A New Leaf: The 2019 Nissan Leaf SL

Front 3/4 view of 2019 Nissan Leaf
The 2019 Nissan Leaf.
It's a twice-in-a-decade thing---at least for us.  Incredibly, the last time we were in a Nissan Leaf was the summer of 2011.

Was it something we said?

Might have been, because if you read the review linked above, it was a primer on range anxiety.  The Leaf of eight years ago had an EPA-estimated range of 73 miles on a charge, and a series of mishaps meant lost opportunities to charge.  And when we could charge, it was on household current.  High-voltage vehicle charging stations were very rare at the time.

So let's just say right up front:  The new Leaf is a whole lot better than the old one.

Electric motor in 2019 Nissan Leaf
2019 Nissan Leaf electric motor.
The 2019 Nissan Leaf has a 147-horsepower synchronous motor and an EPA-estimated range of 150 miles.   It'll take eight hours to get a full charge from virtually nothing at a 240-volt Level 2 charger.  You can expect to double that on household current.

But---near my home and near the day job are commercial Fast Charging stations where you can get an 80% charge in 40 minutes.  So---leave a little early for work or grab lunch near the charging station in town and charge up the car there and it's relatively easy to keep close to a full charge (as with a gas tank, I never allow the car to get below 25%).

Interior of 2019 Nissan Leaf SL
2019 Nissan Leaf SL interior.
The interior of the new Leaf is a much nicer place to do your driving.  It's much less gimmicky---more like what you'd expect to find in any compact car.  And in the-top-of-the-line SL, which is what we tested, it;s quite nicely appointed, with leather-appointed seating surfaces, a leather-wrapped steering wheel, power windows, an auto-dimming rear-view mirror, automatic on/off headlights, automatic climate control, front heated seats, a heated steering wheel and an eight-way power driver's seat.

The base price for the 2019 Nissan Leaf SL is $36,200.  The base S model starts at $29,990 and the mid-level SV is $32,490.

Our tester had extra-cost options---$200 for splash guards, $190 for carpeted floor mats and a cargo area mat, $80 for a safety kit, and $650 for the SL Technology Package with ProPILOT Assist, Automatic Emergency Braking with Pedestrian Detection, Electric Parking Brake, Intelligent Lane Intervention and High Beam Assist.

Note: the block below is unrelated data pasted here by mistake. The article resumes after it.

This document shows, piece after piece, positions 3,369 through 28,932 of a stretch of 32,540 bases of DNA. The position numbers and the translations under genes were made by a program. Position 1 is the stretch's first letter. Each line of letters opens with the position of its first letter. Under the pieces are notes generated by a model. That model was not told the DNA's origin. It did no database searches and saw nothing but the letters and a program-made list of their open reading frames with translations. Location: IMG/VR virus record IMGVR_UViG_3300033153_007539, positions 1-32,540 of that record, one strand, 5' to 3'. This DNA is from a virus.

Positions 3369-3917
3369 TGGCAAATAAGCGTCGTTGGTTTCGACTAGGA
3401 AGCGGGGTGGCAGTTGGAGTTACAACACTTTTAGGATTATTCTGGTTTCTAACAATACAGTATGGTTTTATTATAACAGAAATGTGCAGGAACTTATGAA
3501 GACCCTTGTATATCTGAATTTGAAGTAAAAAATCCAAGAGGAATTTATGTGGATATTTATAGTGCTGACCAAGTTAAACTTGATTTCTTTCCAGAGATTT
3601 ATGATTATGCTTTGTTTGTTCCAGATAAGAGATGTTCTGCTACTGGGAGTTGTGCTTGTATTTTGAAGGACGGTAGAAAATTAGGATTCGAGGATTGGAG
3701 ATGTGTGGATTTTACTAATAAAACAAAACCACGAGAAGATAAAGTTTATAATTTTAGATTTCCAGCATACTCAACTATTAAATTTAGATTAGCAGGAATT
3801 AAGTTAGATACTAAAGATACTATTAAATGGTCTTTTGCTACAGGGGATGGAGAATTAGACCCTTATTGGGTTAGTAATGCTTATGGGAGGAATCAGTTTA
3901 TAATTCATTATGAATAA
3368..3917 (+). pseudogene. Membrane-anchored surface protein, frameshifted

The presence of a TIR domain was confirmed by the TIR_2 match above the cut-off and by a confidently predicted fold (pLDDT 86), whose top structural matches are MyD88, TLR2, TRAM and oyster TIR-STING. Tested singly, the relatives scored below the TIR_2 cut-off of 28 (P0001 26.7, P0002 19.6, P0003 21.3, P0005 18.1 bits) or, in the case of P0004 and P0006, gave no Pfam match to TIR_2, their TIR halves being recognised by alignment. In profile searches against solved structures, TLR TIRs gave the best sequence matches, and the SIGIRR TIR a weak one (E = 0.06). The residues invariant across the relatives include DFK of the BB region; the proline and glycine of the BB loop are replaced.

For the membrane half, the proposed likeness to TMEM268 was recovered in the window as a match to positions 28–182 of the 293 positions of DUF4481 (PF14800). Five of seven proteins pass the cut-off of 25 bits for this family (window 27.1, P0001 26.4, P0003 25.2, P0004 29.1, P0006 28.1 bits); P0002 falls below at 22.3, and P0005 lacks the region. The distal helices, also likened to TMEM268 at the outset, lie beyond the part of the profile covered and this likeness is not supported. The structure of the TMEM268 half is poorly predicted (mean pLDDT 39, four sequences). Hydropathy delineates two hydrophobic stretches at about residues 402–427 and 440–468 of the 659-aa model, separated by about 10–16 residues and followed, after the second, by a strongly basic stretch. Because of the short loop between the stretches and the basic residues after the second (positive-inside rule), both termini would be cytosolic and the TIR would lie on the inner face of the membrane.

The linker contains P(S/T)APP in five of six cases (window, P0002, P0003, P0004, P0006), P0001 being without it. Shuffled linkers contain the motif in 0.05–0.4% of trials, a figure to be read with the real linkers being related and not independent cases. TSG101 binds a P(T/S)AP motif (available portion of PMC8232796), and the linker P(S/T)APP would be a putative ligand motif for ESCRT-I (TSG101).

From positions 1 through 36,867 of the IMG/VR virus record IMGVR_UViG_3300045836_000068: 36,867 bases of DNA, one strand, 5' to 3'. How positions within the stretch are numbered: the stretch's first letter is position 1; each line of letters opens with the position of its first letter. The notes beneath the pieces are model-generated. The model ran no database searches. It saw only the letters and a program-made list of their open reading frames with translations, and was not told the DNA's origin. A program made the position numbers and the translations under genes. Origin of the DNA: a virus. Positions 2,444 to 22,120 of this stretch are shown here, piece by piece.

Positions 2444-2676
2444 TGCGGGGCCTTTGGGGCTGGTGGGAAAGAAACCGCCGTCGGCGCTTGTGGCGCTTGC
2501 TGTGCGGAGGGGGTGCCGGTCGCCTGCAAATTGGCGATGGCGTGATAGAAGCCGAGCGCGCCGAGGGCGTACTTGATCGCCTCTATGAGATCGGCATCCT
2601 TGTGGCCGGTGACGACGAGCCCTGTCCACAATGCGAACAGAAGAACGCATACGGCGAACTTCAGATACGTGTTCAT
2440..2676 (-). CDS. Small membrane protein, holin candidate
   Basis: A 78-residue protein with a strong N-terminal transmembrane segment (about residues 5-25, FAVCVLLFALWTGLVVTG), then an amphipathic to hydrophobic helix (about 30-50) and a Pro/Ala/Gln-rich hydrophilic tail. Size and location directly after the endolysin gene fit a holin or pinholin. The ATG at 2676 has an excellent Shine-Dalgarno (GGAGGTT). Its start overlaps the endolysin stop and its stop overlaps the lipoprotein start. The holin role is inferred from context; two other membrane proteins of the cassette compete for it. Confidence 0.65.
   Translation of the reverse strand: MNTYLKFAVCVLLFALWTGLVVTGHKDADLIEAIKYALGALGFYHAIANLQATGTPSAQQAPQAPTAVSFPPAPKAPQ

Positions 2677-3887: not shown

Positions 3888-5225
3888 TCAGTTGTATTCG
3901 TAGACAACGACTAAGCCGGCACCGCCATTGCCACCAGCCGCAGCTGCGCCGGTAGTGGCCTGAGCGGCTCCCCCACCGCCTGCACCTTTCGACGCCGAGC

With $895 in destination charges, the bottom line came to $38,215.

I'd write more about Nissan's ProPILOT Assist, but there was a bug in our tester that shut the system down after only five minutes of driving.  I haven't heard of that being a common problem, so I'm chalking that up to an isolated case and hoping to get another opportunity in a Nissan vehicle equippes with ProPILOT Assist to give it a proper review.

Rear 3/4 view of 2019 Nissan Leaf SL
2019 Nissan Leaf SL.
So where does that put the Nissan Leaf?  Well, it's still significantly down on range.  The Chevy Bolt we reviewed in January has an estimated 238 miles of range per charge.  But the Bolt is a bit more expensive---with the top-of-the-line Premier model having a base price of $40,905 and the as-tested price of the one we drove coming to $43,510. 

Nissan knows this, and has introduced the Nissan Leaf Plus, which has a range of 226 miles.  The SL version of the Plus starts at $42,550.  My guess is that a loaded Leaf Plus SL and Bolt Premier would end up very close to each other in price.  But again, the Bolt is still capable of 12 more miles per charge.   

And both the Leaf and the Bolt are getting strong competition from the Tesla Model 3.  The mid range (264 mile) model starts at $40,000 as of this writing and the long-range model (325 miles) begins at $43,000.  And Tesla is now (finally) offering the standard range Model 3 (220 miles) for $35,000.

The best comparison is most likely between the Leaf Plus SL, the Bolt Premier and the mid range Model 3.  And which you'll prefer---which is more useful and user-friendly on a daily basis---will be a matter of taste.